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Ponies, Joints, Complexity, and the Method of Difference

Published onMar 23, 2021
Ponies, Joints, Complexity, and the Method of Difference


An important topic in biomedical science is the repair of damaged organs by in vitro cultured differentiated stem cells. This article evaluates an article in this field, entitled "The complexity of joint regeneration", by Diloksumpan et al. (2021), who described a regeneration experiment of artificial damage of the joint of ponies. The experiment failed and I describe the possible cause of this failure by discussing the design of the experiment in the light of J.S. Mill’s Method of Difference, published in 1843. I continue with a discussion of the concept of complexity that was introduced by the authors of the paper, by pointing out that three types of complexity may be distinguished; one of these is complicatedness, which characterizes the assumed complexity of the joint experiment. I propose that this complicatedness can be solved by the use of the method of difference.

Keywords: regeneration of joints, pilot experiment, method of difference, complexity, reductionism


Tissue repair and regeneration is one of the hot topics in biomedical research. The most recent branch of this field is the repair of tissues and organs through the use of stem cells differentiated in vitro. These cells go on to become the source of new tissues after they have been implanted in the living body at the site of the defect. In the implant the cells may be combined with non-biological materials that can serve as a matrix on or in which the new tissue may take the necessary form.

The paper by Diloksumpan et al. (2021) in this issue of JOTE is a good example of this novel approach. The authors are involved in a study of the repair of damage of cartilage in bones and joints, using 3D-printed constructs; these serve as a scaffold on top of which new cartilage that has been grown in a cell culture system may be implanted inside the damaged site, leading to newly-formed cartilage growing from the implant.


In their experiment Diloksumpan et al. (2021) artificially damaged cartilage by drilling a hole in the joints of ponies, filled the gap with the construct that bears the cultured cartilage and watched the outcome. To evaluate the results an admirable battery of well-chosen methods was applied to monitor the changes in biomechanical properties, biochemical composition (analysis of collagen and glycosaminoglycans), and morphology of the joints (radiography, microcomputed tomography, histology, and immunohistochemistry), and their function was established by following the walking behavior (gait analysis) of the ponies.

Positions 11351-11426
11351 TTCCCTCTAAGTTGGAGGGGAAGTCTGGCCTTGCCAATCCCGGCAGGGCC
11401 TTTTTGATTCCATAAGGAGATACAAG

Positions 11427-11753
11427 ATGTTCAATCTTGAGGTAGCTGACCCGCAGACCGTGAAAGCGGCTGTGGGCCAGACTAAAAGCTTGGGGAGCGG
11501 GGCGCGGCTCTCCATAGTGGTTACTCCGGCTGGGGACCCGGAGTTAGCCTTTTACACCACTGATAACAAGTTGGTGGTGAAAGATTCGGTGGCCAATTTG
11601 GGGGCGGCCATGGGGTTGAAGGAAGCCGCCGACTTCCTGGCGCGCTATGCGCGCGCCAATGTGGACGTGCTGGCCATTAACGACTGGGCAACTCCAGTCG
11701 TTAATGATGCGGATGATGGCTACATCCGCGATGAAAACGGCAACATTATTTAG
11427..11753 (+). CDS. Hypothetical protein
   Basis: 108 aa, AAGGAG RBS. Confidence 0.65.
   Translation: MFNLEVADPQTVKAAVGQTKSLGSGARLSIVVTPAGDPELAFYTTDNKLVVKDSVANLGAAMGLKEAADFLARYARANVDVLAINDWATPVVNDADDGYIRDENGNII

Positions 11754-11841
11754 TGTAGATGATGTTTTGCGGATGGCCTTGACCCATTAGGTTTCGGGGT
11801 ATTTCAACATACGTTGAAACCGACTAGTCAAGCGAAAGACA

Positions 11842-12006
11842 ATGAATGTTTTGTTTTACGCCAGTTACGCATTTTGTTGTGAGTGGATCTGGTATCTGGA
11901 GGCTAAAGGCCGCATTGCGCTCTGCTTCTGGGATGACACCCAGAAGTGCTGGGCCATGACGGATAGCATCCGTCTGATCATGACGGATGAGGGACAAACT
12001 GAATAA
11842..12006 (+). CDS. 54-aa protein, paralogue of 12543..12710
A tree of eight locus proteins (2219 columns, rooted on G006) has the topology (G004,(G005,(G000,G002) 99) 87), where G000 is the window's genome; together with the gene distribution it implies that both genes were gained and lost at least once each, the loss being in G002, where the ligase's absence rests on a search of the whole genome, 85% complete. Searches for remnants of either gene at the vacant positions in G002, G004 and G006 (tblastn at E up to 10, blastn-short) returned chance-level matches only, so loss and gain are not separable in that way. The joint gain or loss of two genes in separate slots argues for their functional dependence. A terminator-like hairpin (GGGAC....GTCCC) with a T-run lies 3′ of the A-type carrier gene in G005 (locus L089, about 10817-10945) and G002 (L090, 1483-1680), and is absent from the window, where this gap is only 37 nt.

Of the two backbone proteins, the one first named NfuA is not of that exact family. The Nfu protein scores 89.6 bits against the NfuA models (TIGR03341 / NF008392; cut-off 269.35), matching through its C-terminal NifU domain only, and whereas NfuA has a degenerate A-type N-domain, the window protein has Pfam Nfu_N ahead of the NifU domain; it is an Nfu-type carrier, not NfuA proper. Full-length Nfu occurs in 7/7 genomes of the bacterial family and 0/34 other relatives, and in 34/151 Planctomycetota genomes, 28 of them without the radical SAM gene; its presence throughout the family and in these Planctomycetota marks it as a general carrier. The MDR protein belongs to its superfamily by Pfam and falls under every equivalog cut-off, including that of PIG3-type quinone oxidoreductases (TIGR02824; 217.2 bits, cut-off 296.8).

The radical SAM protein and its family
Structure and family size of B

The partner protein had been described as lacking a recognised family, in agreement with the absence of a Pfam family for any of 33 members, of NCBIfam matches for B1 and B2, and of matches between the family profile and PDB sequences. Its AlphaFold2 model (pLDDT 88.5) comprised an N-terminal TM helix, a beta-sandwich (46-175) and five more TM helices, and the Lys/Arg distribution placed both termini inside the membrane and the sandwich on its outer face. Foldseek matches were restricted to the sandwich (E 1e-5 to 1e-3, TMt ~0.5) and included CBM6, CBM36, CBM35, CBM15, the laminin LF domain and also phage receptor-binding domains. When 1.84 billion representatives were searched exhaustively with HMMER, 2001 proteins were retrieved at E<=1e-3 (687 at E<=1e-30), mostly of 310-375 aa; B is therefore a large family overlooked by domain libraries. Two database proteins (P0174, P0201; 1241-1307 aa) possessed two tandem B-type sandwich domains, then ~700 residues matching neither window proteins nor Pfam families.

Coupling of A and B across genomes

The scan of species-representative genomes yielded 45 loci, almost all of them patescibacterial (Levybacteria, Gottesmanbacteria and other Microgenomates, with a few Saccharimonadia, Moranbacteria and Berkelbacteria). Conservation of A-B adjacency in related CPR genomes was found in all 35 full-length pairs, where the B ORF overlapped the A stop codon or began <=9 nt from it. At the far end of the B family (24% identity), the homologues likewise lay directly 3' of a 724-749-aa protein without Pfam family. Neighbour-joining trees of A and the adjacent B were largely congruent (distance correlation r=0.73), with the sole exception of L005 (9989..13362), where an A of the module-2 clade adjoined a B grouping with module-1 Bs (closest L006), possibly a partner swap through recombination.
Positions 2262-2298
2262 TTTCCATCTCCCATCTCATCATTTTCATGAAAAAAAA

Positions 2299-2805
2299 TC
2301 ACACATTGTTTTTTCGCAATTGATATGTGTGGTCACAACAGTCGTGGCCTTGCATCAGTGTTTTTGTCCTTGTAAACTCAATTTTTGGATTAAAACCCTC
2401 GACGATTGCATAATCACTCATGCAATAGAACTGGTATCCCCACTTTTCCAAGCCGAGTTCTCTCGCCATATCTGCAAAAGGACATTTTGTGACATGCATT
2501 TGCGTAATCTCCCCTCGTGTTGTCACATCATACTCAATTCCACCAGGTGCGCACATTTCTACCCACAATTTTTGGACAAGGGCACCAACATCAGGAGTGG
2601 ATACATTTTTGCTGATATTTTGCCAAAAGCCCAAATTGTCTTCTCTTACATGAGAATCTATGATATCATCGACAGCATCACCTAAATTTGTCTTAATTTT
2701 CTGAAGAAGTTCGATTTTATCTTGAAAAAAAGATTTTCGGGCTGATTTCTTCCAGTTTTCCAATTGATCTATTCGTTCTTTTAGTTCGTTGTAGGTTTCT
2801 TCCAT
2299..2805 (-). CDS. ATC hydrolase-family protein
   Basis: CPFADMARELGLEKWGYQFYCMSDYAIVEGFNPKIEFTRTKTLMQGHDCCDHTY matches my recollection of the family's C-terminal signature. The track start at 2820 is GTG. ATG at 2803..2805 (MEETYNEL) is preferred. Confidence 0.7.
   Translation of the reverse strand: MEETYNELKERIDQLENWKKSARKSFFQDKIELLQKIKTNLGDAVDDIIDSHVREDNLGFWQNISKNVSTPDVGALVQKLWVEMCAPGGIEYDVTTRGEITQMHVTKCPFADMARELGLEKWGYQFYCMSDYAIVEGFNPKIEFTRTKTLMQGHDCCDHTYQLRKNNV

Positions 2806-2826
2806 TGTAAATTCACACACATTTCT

However, in the end, the experiment failed. The main reason, according to the authors, was the failure of the surgical procedure: the construct collapsed because the materials could not be correctly implanted in the joint, whereas they, according to the authors, had been implanted successfully before in another test. The conclusion of the authors was that they should have performed a pilot experiment because, as they state in the "Take Home Message" paragraph, the expected success of the experiment was based on a previous success with experiments with the same materials but in another anatomical location. The cited literature of the authors suggests that they earlier implanted the construct in the tuber coxae of horses, whereas the experiment that failed was performed with implantation in the joint of ponies. I heartily agree with their conclusion of the missing pilot experiment. But what pilot experiment?

A pilot experiment is an experiment that may be done to test an idea, to see if it is worthwhile to give that idea further attention. When the result of the pilot is negative, the idea is discarded and will not be tested again; when the result is positive, this may lead to a more definite experiment. The advantage of a pilot experiment is that it can be done on a small scale and takes less time, energy, material (and experimental animals), and money. The results of a pilot experiment are not meant to be published. But even though a pilot experiment may be just a preliminary and small trial it should, in its design, fulfil the criteria of the ’method of difference’, otherwise it is not a pilot experiment but a useless experiment. To this method of difference I will now turn my attention.

Method of Difference

In 1843 John Stuart Mill (1806-1837) published a book, A system of logic. Ratiocinative and inductive, having as a subtitle Being a connected view of the principles of evidence and the methods of scientific investigation.

One of these principles is the Method of Difference that can be found in the Second Canon of the Four Methods of Experimental Inquiry of Mills, described in Chapter VIII, Book III: "Of Induction" (Mill, 1848, 8th Edition):

If an instance in which the phenomenon under investigation occurs, and an instance in which it does not occur, have every circumstance in common save one, that one occurring only in the former; the circumstance in which alone the two instances differ is the effect, or the cause, or an indispensable part of the cause, of the phenomenon.